Waterloo Public Health asks province to move region to orange restrict level

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A week after the region moved to yellow protect in the province’s COVID-19 pandemic restriction system, Waterloo Public Health says it has asked the province to move into the orange restrict level which would place further restrictions on the area.

“Given the continual increase in our cases and complexity of outbreaks over the past week, we have met the indicators in the orange restrict category of the provincial framework,” Dr. Julie Emili of Waterloo Public Health said Friday.

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Over the past week, Waterloo Public Health has reported 282 new positive tests for the coronavirus and Emili said the region has reached other benchmarks that push it toward the orange zone, including a weekly incident rate of 46 cases per 100,000. Other benchmarks include percent a positivity of 3.6 per cent and a reproductive rate of 1.5.

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“We have observed an increase in outbreaks in multiple settings and sectors with outbreaks in long-term-care and retirement homes, workplaces, congregate care settings and other community settings,” Emili said.

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She says while there are only five COVID-19-related hospitalizations at the moment, they tend to occur further down the road with the virus.

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“This is a lagging indicator, meaning that there is often a delay between when someone tests positive and when they experience severe illness requiring hospital care,” Emili explained.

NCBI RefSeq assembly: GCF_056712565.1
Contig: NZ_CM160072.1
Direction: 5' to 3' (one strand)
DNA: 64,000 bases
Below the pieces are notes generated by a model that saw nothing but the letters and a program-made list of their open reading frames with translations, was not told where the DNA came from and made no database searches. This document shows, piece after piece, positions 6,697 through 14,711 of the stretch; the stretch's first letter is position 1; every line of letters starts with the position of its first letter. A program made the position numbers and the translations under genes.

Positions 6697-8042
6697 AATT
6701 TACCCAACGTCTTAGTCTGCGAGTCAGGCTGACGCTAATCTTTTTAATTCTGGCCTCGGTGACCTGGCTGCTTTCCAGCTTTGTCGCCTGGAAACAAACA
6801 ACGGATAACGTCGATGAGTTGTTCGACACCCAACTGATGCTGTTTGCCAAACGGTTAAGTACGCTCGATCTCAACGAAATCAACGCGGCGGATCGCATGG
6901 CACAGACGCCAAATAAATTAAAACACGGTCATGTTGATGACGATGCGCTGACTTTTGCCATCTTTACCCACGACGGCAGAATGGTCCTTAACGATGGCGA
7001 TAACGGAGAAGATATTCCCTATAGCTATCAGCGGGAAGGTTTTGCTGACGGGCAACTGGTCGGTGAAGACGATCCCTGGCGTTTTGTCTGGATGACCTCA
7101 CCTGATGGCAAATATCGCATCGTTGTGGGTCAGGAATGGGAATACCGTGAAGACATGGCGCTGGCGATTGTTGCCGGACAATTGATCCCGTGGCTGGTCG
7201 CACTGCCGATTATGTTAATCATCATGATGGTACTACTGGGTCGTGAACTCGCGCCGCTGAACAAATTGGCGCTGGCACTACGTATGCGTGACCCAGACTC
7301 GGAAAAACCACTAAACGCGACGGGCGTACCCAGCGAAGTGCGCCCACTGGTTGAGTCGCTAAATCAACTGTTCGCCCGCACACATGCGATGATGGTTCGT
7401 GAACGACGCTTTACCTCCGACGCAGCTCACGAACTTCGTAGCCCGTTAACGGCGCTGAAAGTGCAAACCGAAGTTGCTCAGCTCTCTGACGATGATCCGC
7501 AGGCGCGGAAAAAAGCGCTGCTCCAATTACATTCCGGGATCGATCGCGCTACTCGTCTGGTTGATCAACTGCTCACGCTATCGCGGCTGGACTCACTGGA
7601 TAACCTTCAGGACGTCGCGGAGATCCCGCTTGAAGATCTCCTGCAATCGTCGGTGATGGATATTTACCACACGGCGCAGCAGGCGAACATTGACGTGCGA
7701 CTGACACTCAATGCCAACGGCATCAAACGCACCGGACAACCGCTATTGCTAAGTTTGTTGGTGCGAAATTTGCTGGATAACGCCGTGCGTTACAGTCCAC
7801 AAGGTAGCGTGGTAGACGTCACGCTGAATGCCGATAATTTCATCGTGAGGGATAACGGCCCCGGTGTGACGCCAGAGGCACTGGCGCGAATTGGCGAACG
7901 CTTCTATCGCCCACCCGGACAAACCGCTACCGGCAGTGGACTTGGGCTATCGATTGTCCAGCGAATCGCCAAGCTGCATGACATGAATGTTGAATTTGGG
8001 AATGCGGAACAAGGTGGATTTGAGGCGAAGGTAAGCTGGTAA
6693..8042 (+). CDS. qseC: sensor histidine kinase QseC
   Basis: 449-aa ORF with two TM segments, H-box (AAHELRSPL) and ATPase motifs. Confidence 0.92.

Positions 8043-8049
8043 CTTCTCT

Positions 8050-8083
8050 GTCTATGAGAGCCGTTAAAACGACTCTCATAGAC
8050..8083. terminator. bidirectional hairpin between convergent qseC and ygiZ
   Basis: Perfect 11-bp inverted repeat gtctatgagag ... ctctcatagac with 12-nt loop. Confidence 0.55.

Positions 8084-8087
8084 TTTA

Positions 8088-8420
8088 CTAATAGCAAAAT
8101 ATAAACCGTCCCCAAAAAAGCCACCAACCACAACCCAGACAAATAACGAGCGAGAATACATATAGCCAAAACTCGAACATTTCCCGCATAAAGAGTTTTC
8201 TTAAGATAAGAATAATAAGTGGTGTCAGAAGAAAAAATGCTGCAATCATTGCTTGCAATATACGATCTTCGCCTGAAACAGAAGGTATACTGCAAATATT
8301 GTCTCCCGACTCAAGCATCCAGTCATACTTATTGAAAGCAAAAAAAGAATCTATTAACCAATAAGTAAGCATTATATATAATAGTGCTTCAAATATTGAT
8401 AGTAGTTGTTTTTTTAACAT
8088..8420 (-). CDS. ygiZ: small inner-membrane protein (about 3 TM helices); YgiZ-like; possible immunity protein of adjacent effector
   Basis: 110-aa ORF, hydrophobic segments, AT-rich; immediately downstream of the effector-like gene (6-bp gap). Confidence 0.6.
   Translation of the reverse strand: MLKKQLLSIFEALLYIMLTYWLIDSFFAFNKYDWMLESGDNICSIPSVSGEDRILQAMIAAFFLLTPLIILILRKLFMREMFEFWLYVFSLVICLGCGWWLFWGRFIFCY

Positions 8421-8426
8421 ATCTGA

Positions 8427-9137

“Our hospitals are also reporting high occupancy levels, meaning that a shift in hospitalizations for COVID-19 would have significant impacts.”

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Regional Chair Karen Redman says if the move to orange is approved by the province, they will take effect on Monday.

Although Waterloo Public Health could make the move independently, they may receive less provincial funding in doing so.

“When the province puts us in that category, there is access to some funding that wouldn’t necessarily be there if we were moving out of synch with what the province directed,” Redman said.

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Emili says the new restrictions will place put new guidelines in place for restaurants and personal services.

She says the restrictions would limit indoor capacity to 50 people, further restrict operating hours, require the screening of patrons through a questionnaire, limit to a maximum of four people seated together and prohibit personal care services that require removing a face covering.

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Emili is also suggesting businesses be prepared for further restrictions going forward.

“We recommend that businesses make plans for each level of the framework because as we have seen, as cases accelerate, we can quickly move into the next level of measures,” she said.

Waterloo Public Health is also considering new measures for long-term care homes.

“We are also looking to add recommendations for long-term care and retirement home settings, including discontinuing indoor visits by general visitors, and limiting all indoor visits with residents to one essential visitor,” Emili said.

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